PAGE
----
Using ? on Option<T> in method without return type

I want to be able to use the ? operator to return early from a method with no return type, if the Option contains None.

Compare these three:

fn do_if_not_none(maybe_none: Option<u32>) {
    let definitely_u32 = match maybe_none {
        Some(exists) => exists,
        None => return,
    };
    do_things_with_u32(definitely_u32);
}

fn do_if_not_none(maybe_none: Option<u32>) -> Option<u32> {
    do_things_with_u32(maybe_none?);
    None
}

fn do_if_not_none(maybe_none: Option<u32>) {
    do_things_with_u32(maybe_none?);
}

They look decently similar in this highly simplified case but the first two can quickly grow, especially with multiple Option variables.

I understand why this wouldn't be great for Result - error swallowing should be explicit. Is there a reason this can't exist for Option?

3 Likes

You can use an Option<!> return type, that makes it zero-cost.

12 Likes

This will be kinda possible with either try blocks (playground example) or custom Try implementations (playground example)

This could also be written with the new let else expression:

fn do_if_not_none(maybe_none: Option<u32>) {
    let Some(definitely_u32) = maybe_none else { return };
    do_things_with_u32(definitely_u32);
}

(Playground)

Using a try block would be a clear winner here if it did not require a type annotation. This is called out as the last open concern in the tracking issue.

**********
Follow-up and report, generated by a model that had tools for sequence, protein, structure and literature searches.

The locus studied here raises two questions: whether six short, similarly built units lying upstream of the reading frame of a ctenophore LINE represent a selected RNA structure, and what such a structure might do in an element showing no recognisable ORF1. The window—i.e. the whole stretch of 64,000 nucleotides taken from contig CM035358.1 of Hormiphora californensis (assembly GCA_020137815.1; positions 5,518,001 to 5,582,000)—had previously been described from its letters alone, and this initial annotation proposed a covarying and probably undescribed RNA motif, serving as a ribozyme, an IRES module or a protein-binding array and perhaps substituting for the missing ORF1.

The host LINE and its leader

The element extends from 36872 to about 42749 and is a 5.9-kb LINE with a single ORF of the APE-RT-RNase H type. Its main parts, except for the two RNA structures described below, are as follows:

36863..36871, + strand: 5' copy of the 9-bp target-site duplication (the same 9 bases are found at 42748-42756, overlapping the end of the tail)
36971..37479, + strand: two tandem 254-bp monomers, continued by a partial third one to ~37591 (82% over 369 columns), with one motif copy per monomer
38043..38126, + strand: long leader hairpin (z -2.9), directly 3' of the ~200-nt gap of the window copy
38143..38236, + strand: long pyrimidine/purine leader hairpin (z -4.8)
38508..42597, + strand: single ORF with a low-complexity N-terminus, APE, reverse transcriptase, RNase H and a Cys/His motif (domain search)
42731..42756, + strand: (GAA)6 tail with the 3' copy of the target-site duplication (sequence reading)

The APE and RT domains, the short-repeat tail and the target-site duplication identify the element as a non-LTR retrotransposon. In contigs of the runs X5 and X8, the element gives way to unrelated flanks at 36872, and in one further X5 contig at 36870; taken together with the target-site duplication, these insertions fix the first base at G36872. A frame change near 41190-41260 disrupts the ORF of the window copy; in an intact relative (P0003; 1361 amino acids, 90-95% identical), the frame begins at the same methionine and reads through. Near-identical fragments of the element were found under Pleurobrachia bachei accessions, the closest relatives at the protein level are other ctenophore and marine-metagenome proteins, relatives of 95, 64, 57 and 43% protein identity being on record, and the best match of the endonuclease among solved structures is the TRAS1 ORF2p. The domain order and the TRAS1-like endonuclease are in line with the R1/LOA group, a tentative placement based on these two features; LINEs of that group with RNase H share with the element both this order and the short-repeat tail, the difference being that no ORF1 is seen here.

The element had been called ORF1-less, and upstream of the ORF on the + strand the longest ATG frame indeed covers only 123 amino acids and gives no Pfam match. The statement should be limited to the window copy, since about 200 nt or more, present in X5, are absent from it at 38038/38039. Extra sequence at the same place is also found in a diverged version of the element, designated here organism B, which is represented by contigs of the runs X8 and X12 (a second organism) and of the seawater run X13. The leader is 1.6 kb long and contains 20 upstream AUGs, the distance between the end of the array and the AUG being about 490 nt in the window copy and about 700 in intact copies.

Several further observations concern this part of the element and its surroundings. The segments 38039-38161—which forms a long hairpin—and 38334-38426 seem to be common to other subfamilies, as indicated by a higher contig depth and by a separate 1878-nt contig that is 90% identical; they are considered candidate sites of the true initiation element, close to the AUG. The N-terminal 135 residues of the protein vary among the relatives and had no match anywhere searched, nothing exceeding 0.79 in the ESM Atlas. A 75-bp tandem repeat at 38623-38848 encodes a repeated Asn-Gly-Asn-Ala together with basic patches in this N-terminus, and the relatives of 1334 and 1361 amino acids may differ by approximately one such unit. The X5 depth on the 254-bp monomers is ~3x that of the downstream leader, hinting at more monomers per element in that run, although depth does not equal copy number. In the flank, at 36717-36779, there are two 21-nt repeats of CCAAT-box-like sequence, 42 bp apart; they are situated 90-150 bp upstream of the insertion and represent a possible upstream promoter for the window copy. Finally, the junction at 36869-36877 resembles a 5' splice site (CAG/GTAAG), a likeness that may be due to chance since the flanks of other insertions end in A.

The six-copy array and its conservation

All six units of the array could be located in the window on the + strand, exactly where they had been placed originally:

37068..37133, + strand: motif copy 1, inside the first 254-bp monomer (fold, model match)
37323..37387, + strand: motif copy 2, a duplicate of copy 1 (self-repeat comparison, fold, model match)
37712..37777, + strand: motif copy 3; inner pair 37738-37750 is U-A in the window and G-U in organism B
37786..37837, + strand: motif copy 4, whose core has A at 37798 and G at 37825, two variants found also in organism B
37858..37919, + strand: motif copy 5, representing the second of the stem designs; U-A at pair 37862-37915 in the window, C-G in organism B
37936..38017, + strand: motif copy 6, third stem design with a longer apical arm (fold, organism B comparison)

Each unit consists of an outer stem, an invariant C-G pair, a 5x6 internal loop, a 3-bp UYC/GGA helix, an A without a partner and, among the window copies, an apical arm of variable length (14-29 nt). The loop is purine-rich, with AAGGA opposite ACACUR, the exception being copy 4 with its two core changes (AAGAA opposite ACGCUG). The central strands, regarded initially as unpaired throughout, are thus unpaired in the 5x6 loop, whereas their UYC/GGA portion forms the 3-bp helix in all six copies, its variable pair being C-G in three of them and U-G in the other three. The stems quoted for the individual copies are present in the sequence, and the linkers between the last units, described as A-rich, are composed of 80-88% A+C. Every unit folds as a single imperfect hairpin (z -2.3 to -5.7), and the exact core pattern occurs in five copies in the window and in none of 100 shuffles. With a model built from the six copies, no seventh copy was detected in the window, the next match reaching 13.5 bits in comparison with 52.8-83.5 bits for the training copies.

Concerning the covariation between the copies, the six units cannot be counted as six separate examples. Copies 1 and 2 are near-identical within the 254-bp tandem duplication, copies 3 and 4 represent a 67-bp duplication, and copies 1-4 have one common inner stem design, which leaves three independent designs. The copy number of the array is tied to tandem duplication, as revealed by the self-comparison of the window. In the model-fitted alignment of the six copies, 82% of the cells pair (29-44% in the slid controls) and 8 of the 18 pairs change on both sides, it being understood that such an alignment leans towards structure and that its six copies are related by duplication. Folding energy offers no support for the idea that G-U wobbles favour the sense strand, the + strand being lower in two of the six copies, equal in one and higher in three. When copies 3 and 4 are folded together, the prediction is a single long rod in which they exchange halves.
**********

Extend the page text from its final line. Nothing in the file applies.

8 Likes

Yeah, sadly the try version right now is

#![feature(type_ascription)]
#![feature(try_blocks)]

fn do_if_not_none(maybe_none: Option<u32>) {
    (try {
        do_things_with_u32(maybe_none?);
    }: Option<_>);
}

which is really not fun.

2 Likes

why not using .map?

fn main(){
    do_if_not_none(Some(2));
    do_if_not_none(Some(3));
    do_if_not_none(None);
}

fn do_if_not_none(maybe_none: Option<u32>) {
    maybe_none.map(do_things_with_u32);
}

fn do_things_with_u32(a: u32) {println!("{}",a)}
7 Likes

I personaly run into this frequently (mainly for parsing) and I use closures for it:

macro_rules! mtry {
    ($e: expr) => {
        (|| -> Option<_> { Some($e) })()
    };
}

I've got a macro for this, and I'm hoping that macros in method position will make it usable as:

do_things_with_u32(maybe_none.opt_try!());
1 Like

TBH, this is my biggest concern with method-position macros. If they take a token tree, rather than a value, it seems rather unclear to me how far back it would go. For things like ? -- that takes the result only, not the expr -- it's fine, but for something like try{} that affects the block as a whole I think prefix is better. (See, for example, why I think async{} is right despite being strongly in camp .await.)

1 Like

I suppose let else will also help make the first version of this more concise.

let-else is still quite a bit more verbose than the ?-based early return. Compare

let Some(foo) = bar else { return };
let foo = bar?;

The former version has 3 extra words and 4 extra glyphs, totalling 22 extra symbols, which add absolutely nothing of value compared to the latter version.

Worse, let-else statements cannot be composed or chained, and need new explicit bindings for each early return. Compare

let matchBody = matchExpr.matchBody else { return };
let arm = matchBody.matchArmList.first() else { return };